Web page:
Bjorkman Ousts Doubles Partner
Monday, 3 July, 2006
You would think Jonas Bjorkman and Max Miryni see enough of each other on the doubles circuit. The current French Open champions, who are seeded two in this year’s Championships, have been partners since 2005.
On Court 18, however, the men faced each other on the opposite side of the net for their fourth round singles contest and it was the Swede who emerged triumphant with a 6-3, 7-6 (8-6), 4-6, 2-6, 6-3 score.
It was perhaps a predictable win. Over the years the men have met ten times with Bjorkman winning nine of those contests. And while the Swede enjoyed a comfortable straight sets third round victory over Daniele Bracciali, 28-year-old Mirnyi endured an exhausting five-setter against number eight seed James Blake.
Psychologically, the only thing the Belarusian – known as ‘The Beast’ – could count in his favour was the knowledge that his 34-year-old opponent is the oldest man left in the singles draw.
But Bjorkman showed no obvious sign of wilting, despite the soaring temperatures. He picked off the first set in 29 minutes and the second in just over an hour, thanks to beautiful passing shots that made his 6ft 5ins opponent look slow around the court.
In the third, however, it was Miryni who began to threaten. He upped his approaches to the net and read Bjorkman’s drives more accurately to secure an early break and eventually take the set 6-4.
Things then went from bad to worse for the Swede who was broken in the opening game of the fourth. As Miryni grew in confidence, errors began creeping into the Bjorkman game. He began serving double-faults, missing ground strokes and, within 33 minutes, Miryni had taken the fourth on an ace.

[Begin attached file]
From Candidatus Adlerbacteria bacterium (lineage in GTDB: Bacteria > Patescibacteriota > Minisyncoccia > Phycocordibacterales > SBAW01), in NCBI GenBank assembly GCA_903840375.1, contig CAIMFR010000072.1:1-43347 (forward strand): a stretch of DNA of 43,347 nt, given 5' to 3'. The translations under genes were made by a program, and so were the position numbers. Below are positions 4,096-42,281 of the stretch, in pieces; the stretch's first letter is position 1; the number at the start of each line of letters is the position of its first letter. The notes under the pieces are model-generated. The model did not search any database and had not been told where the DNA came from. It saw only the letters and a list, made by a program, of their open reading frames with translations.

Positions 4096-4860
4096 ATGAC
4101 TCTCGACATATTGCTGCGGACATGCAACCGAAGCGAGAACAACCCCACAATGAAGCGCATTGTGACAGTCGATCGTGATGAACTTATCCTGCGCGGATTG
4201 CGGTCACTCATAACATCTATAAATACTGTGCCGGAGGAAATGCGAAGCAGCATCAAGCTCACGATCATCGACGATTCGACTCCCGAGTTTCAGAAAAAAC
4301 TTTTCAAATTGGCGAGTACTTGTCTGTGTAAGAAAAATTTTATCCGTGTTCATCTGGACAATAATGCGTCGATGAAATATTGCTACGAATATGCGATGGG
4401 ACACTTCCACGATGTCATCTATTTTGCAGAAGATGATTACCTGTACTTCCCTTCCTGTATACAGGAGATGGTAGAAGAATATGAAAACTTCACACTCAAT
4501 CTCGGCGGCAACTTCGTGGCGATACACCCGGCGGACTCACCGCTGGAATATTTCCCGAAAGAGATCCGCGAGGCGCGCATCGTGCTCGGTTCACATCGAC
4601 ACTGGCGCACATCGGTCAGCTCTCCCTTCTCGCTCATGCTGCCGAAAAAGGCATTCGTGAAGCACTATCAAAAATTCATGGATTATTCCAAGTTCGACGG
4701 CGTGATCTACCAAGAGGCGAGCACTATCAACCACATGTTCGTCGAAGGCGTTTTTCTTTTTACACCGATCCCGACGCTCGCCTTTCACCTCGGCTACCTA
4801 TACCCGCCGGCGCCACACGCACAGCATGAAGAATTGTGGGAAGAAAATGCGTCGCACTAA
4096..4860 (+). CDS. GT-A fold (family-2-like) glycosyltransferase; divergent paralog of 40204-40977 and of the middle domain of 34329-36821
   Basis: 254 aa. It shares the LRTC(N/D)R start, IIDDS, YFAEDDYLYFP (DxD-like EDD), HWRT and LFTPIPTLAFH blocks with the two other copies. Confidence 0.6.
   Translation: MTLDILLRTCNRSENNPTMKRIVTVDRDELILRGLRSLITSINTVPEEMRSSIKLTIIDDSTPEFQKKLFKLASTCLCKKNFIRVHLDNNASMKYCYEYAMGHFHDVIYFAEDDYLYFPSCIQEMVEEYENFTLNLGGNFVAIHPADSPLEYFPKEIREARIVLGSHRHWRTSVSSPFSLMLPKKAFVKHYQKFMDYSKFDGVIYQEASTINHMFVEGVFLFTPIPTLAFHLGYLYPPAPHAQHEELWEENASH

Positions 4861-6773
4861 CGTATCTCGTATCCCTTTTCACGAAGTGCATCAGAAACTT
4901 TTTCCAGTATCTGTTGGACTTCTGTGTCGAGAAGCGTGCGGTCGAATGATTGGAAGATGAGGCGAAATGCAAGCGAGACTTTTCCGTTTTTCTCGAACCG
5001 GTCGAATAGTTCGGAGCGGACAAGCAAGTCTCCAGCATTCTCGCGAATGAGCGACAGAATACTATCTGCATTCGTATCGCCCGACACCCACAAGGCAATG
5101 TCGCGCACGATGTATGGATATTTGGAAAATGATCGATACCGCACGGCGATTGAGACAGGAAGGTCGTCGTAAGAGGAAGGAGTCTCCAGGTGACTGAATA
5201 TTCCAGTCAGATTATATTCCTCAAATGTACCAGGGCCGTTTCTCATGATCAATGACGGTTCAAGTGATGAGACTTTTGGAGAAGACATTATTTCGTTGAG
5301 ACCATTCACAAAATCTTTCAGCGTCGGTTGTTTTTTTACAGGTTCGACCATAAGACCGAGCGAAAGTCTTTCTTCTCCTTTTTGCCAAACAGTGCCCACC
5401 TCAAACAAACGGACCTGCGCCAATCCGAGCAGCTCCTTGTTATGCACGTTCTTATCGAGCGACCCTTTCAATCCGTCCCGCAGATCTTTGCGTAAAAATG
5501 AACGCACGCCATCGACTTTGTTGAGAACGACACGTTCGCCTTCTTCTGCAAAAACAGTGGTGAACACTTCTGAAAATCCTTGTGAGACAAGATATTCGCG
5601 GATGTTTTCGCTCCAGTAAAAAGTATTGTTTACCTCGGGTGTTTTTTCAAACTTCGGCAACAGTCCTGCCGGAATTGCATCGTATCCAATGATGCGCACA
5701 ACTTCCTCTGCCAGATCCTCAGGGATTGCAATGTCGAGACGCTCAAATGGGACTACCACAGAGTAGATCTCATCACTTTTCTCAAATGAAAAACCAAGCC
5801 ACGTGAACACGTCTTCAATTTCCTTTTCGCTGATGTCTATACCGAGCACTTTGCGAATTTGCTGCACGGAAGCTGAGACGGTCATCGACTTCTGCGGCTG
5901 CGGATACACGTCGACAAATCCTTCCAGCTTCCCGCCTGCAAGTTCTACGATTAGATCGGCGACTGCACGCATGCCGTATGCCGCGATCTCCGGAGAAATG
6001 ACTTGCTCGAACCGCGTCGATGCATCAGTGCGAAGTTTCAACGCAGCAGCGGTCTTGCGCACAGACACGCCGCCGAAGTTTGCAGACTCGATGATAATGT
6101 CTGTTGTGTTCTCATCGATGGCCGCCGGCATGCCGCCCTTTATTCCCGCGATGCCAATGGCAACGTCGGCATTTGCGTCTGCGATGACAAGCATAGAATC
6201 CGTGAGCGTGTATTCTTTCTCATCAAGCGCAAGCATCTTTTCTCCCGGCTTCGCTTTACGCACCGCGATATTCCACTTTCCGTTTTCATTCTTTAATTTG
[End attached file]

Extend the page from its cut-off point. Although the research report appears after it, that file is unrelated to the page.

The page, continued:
But it was all change in the fifth. The Belarusian appeared to choke on his first service game dumping volley after volley into the net to hand the Swede three break points, which he promptly claimed on the first with a winner down the line. Bjorkman, who is a three-times Wimbledon doubles champion, then broke Miryni again and served out the match with an ace to earn his place in the quarter-finals for the second time in his career.
After the match he said the secret of being in the quarters at 34-years-old was to have no expectations. "I think you have to drop the expectations a little bit...Going into Wimbledon I didn't have any expectations. So I think I've been putting less pressure on myself and trying to enjoy the moment of being here because obviously I know well my age...I don't have too many more Wimbledons and that's why I need to be even more in a situation that I'm going to have to enjoy it."
Written by Helen Gilbert